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Car insurance can be difficult to understand. When you’re trying to select a policy, you may be wondering if a policy with comp and collision is best, since this can provide financial protection if you’re in an accident. You should also know how much liability should be on your policy and decide whether uninsured motorist coverage is best for you. Once you decide on the right insurance policy features, it’s possible to become confused again once you see the bill, especially if you’re recently been in an accident.
Talking to your insurance company can be tricky because insurance claims adjusters will try to convince you to accept the lowest offer possible if you were in an accident and are filing a claim. There are also a few other things your insurance company may not want you to know. Here are some details that will help file a settlement successfully and choose the insurance policy that is right for you.
Car Insurance Isn’t Always Connected to the Driver
Your car insurance is technically tied to your vehicle. This means if you let a friend or family member drive your car, your insurance will likely be in effect if there is a wreck. However, not all insurance policies cover all uses for your car. Be sure you read the fine print before you let someone else drive your car.
Your Driving Record Affects Your Insurance
Every time you file an insurance claim, and even if you inquire about making a claim, these details are entered into a database for other insurance carriers to see. This is one of the ways insurance companies try to downplay the validity of your claim and offer you less money, even if you have a good reason for making the claim. If you’ve been involved in an accident before or have traffic tickets on your record, your insurance policy will likely be higher than someone with no strikes on their driving record.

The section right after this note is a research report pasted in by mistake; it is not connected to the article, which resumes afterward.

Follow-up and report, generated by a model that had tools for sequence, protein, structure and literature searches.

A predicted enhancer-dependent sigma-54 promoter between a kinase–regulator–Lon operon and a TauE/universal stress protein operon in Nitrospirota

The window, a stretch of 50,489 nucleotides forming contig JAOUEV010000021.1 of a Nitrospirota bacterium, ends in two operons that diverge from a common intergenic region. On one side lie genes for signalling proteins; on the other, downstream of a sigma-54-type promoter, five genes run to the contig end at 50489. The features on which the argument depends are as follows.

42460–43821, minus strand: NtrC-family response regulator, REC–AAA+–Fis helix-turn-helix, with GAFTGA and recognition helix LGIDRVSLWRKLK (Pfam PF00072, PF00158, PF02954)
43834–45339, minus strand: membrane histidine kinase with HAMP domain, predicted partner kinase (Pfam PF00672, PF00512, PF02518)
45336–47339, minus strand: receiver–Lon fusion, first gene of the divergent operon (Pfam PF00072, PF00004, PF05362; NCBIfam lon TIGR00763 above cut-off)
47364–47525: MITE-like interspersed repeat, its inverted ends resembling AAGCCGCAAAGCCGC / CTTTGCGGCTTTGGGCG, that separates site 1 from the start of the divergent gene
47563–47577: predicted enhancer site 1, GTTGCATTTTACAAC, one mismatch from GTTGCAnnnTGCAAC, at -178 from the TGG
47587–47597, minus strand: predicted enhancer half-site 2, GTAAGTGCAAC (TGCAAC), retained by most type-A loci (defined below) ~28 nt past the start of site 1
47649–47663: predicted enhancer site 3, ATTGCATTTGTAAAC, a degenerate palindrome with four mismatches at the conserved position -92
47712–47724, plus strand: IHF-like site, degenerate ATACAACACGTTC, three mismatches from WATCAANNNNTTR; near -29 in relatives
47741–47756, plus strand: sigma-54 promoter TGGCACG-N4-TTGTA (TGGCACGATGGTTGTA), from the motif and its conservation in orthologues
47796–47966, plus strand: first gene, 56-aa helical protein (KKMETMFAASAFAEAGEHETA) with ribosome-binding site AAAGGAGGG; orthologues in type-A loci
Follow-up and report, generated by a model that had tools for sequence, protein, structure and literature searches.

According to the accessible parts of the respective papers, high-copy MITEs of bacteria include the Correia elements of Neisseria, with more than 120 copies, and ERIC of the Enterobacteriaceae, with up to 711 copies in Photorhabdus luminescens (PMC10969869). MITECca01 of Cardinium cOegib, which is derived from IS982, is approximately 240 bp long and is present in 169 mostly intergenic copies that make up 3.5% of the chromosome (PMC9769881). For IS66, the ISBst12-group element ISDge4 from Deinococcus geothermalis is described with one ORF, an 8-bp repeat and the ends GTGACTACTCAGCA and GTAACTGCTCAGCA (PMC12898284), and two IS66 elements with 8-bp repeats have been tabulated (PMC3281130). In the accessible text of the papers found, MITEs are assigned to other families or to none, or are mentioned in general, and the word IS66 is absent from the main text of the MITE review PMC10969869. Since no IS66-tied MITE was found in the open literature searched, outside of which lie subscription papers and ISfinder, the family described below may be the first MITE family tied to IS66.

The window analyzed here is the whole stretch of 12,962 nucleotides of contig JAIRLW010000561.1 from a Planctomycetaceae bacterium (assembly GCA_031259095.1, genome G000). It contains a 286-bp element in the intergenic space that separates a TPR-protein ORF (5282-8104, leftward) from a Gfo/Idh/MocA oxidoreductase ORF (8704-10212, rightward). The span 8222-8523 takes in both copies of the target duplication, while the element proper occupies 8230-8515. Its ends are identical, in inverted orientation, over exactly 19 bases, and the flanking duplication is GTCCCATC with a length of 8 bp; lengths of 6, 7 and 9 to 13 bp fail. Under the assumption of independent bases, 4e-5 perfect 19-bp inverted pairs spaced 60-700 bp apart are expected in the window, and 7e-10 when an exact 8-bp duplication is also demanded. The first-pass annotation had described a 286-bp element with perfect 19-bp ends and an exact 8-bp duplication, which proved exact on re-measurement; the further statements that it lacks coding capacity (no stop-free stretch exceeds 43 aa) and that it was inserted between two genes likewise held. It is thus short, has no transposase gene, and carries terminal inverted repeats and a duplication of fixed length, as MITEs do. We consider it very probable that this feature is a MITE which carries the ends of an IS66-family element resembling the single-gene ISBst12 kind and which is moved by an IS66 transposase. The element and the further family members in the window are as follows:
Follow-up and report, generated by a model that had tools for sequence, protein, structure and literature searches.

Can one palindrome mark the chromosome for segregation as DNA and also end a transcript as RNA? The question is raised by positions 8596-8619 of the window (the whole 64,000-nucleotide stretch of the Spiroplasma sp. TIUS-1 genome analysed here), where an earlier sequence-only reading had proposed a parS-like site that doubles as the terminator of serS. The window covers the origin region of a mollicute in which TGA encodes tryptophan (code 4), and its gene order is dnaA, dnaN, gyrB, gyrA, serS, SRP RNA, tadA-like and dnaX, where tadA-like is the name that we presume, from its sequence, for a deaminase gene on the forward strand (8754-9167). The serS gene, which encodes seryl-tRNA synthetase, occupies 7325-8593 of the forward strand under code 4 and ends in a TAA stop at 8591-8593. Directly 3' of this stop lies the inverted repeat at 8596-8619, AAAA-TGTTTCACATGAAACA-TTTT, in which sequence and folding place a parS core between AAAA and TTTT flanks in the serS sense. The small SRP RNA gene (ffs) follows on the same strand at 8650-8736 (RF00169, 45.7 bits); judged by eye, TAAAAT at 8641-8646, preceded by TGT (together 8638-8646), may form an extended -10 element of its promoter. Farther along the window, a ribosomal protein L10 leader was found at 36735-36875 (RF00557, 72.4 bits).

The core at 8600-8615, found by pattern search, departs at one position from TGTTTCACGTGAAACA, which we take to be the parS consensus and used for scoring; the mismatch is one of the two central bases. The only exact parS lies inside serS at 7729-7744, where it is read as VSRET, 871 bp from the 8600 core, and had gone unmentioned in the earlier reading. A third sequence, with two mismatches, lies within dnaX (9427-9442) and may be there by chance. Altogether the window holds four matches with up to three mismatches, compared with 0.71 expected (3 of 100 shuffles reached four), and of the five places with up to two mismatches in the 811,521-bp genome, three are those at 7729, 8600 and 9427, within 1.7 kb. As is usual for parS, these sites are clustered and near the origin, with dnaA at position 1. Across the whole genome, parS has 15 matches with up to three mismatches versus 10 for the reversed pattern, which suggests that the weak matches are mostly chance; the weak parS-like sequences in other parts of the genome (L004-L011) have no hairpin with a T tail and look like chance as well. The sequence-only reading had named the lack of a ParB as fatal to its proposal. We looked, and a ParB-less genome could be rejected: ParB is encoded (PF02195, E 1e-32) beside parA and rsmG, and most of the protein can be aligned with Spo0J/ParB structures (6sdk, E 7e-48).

Where You Live Affects Your Insurance Premiums
The state you live in could affect the cost of your insurance. The average premium in Michigan was 64% higher than the average in the U.S. in 2018. Other states with high car insurance premiums include Florida, Rhode Island, Louisiana, and Connecticut. States that offer insurance premiums in the average range include Iowa, Ohio, Vermont, and Idaho.
Your Credit Score Could Affect Your Car Insurance Payments
In most cases, your credit score is one of the factors used to determine how much you’ll pay for car insurance. Hawaii, Massachusetts, and California are the only states that don’t use your credit score to determine your policy payments. The Federal Trade Commission asserts that people with lower credit scores are viewed as a greater risk than those with average or high scores. Individuals with lower scores will likely be charged more for insurance to cover any expenses if you have a file a claim in the future.
You Can Double-Check Your Insurance Reports
Your insurance information can be found on two databases: The Automated Property Loss Underwriting System (A-PLUS) and the Comprehensive Loss Underwriting Exchange (CLUE). Verisk Analytics runs A-PLUS and LexisNexis is in charge of CLUE. These databases keep a record of any claims you file, and the claims stay on your report for five to seven years.
According to the Fair Credit Reporting Act, you can receive a free copy of your report once a year. If you see anything that is incorrect or inaccurate, you can file a dispute. Asking for a report won’t affect your credit score.
These are important things you need to know to ensure you’re not paying too much for car insurance. You also need to keep these factors in mind if you have to file an insurance claim after being involved in a car accident. It’s best to consult an attorney if you’re filing an insurance claim to ensure you receive a fair settlement for medical costs and damage to your vehicle.